Redmond Review

Three-Ring Circus?

The convergence of the "three screens" -- PC, TV and Phone -- and what it means for developers.

At the Consumer Electronics Show (CES) in January, Steve Ballmer debuted as the opening keynote speaker. Ballmer's contention was that "the three screens" that people use everyday -- their PC, phone and television -- must converge. The observation was spot on. How will Microsoft lead in this effort? And how will developers participate and benefit?

Demos of Windows 7 (the first beta of which was announced at the keynote), Windows Live, Windows Mobile and Xbox 360/Xbox Live were presented as the answer. But Microsoft needs to integrate these and other product lines -- and flesh out the developer hooks around them -- if the company hopes to deliver three-screen convergence.

Win7 offers the most hope: When Ballmer announced the Win7 beta release, it invoked spontaneous, enthusiastic applause from the entire audience. People want this operating system, and they want it now. Beyond Win7's reported stability, the ability of the OS to run on lower-powered machines, including a slew of netbooks on display at CES, will give Microsoft important positioning and credibility with the increasingly budget-minded consumer market. This obviously benefits .NET developers who wish to target the consumer space, and companies that serve it.

Windows Live and Xbox are impressive as well. The "What's New" feed in Windows Live integrates with numerous social networks, soon to include Facebook. Xbox 360 sales in 2008 were formidable and Xbox Live membership is growing at a healthy clip. The new Xbox Experience user interface, with its avatar-oriented features, promises to bring more social interactivity to Xbox games and Xbox Live.

The Windows Mobile discussion was much less impressive. With details around Windows Mobile 7 delayed and the skyrocketing popularity of the Apple iPhone, Microsoft is in trouble on this front. Over the last several months, there was speculation that a new mobile platform, based on Zune, would be announced at CES. That it wasn't means that, in Zune, Microsoft has a fourth screen it must successfully converge.

How Do I Program?
The developer question lingers. Is there an API for Windows Live, for the What's New feed or for applications that can run within the service? And while we have XNA as a platform for Xbox game development, how can developers hook into the Xbox Live and Xbox Experience UIs?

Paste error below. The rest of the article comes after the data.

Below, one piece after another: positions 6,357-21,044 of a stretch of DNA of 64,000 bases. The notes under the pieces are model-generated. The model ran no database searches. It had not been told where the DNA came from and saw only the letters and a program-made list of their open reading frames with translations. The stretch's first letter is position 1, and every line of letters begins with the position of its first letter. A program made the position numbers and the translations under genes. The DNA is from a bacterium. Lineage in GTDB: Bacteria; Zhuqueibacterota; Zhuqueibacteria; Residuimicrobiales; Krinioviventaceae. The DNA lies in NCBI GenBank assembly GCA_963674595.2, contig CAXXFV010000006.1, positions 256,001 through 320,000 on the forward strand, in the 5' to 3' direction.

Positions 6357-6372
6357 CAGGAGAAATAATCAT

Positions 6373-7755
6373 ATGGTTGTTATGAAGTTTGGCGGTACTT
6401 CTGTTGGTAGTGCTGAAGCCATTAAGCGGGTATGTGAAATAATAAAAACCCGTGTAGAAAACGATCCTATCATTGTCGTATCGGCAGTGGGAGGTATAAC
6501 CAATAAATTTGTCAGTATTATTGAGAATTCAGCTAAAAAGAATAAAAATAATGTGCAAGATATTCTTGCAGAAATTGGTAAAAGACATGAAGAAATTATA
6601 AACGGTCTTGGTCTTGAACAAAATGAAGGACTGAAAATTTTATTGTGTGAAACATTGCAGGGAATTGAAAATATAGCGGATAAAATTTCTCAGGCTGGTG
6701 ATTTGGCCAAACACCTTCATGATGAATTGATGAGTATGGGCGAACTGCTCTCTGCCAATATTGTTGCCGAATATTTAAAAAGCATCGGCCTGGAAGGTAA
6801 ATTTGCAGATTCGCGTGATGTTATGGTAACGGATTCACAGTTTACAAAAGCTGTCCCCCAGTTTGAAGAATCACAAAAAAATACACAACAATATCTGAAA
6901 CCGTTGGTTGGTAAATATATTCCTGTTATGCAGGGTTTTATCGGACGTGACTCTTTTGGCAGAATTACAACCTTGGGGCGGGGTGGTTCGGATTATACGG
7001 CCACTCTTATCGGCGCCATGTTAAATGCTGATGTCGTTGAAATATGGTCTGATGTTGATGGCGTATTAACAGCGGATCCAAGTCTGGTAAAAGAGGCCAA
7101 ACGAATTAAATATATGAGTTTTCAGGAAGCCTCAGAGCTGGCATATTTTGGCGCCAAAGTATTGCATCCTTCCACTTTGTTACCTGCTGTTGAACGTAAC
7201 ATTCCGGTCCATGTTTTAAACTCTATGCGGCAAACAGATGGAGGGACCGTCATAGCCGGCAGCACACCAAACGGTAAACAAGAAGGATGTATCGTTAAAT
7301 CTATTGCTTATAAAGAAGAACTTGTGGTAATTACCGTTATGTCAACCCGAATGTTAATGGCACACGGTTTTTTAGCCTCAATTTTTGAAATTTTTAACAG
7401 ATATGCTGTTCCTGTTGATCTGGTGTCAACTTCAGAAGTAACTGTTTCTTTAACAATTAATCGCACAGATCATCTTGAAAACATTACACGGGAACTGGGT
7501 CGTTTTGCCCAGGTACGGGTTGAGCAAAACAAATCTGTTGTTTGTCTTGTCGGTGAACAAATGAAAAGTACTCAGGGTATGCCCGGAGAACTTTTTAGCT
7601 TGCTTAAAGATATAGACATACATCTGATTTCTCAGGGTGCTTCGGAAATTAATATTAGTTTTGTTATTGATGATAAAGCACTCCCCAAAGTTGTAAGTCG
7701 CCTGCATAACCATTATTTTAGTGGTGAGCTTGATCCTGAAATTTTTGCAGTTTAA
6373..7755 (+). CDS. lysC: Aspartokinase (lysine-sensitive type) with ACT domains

Next, what about integrating the television? The CES show floor was filled with consumer network-attached storage (NAS) devices and a slew of set-top devices that bring NAS content to the screen and integrate a variety of Web-based video content. Shouldn't Microsoft be making a showing here? The truth is Windows Media Center, which is itself built on .NET and into which .NET apps can be integrated, has provided Web video and television integration for years. And Windows Home Server, which is a brilliant product, with a .NET add-in model, runs circles around most NAS devices.

But keynote content on Windows Media Center and Windows Home Server was scarce, and their presence in exhibitor booths was subdued. Many of the competing solutions have tight integration between the NAS and set-top components; shouldn't Microsoft offer comparable integration between Home Server and Media Center? Many of the competing solutions are compatible with interoperability standards from the Digital Living Network Alliance (DLNA). While the Xbox 360 does function as a DLNA client, and Hewlett-Packard has extended its Windows Home Server product with DLNA capabilities, Media Center and Microsoft's core Home Server product continue to rely instead on Windows Media Connect technology. Shouldn't that change?

Microsoft's to Lose
If these anomalies were addressed, if Windows Mobile were revamped or replaced, if the media offerings on a more programmable Xbox Live were enhanced and if an API-laden Windows Live integrated better with each, then Microsoft could have the leadership position in consumer digital convergence that Ballmer adeptly called out in his CES keynote. More importantly, the Microsoft developer ecosystem would have a much richer set of opportunities as this convergence took place.

With the anticipation around Windows 7, with Media Center, Home Server, Xbox 360 and the potential for a revamped Zune-based mobile phone platform offering, Microsoft has excellent assets in place to be a leader in consumer digital convergence.

The problem is relatively easy to solve compared to the work Microsoft has already done in developing these assets. But the danger for Microsoft is that not solving the problem is even easier. Microsoft needs to focus now and execute well. They owe that to their developer ecosystem, the market and themselves. And if Ballmer believes this consumer digital convergence to be important, then the Microsoft enterprise "better together" platform play must be brought to bear in the consumer space as well.

About the Author

Andrew Brust is Research Director for Big Data and Analytics at Gigaom Research. Andrew is co-author of "Programming Microsoft SQL Server 2012" (Microsoft Press); an advisor to NYTECH, the New York Technology Council; co-moderator of Big On Data - New York's Data Intelligence Meetup; serves as Microsoft Regional Director and MVP; and is conference co-chair of Visual Studio Live!

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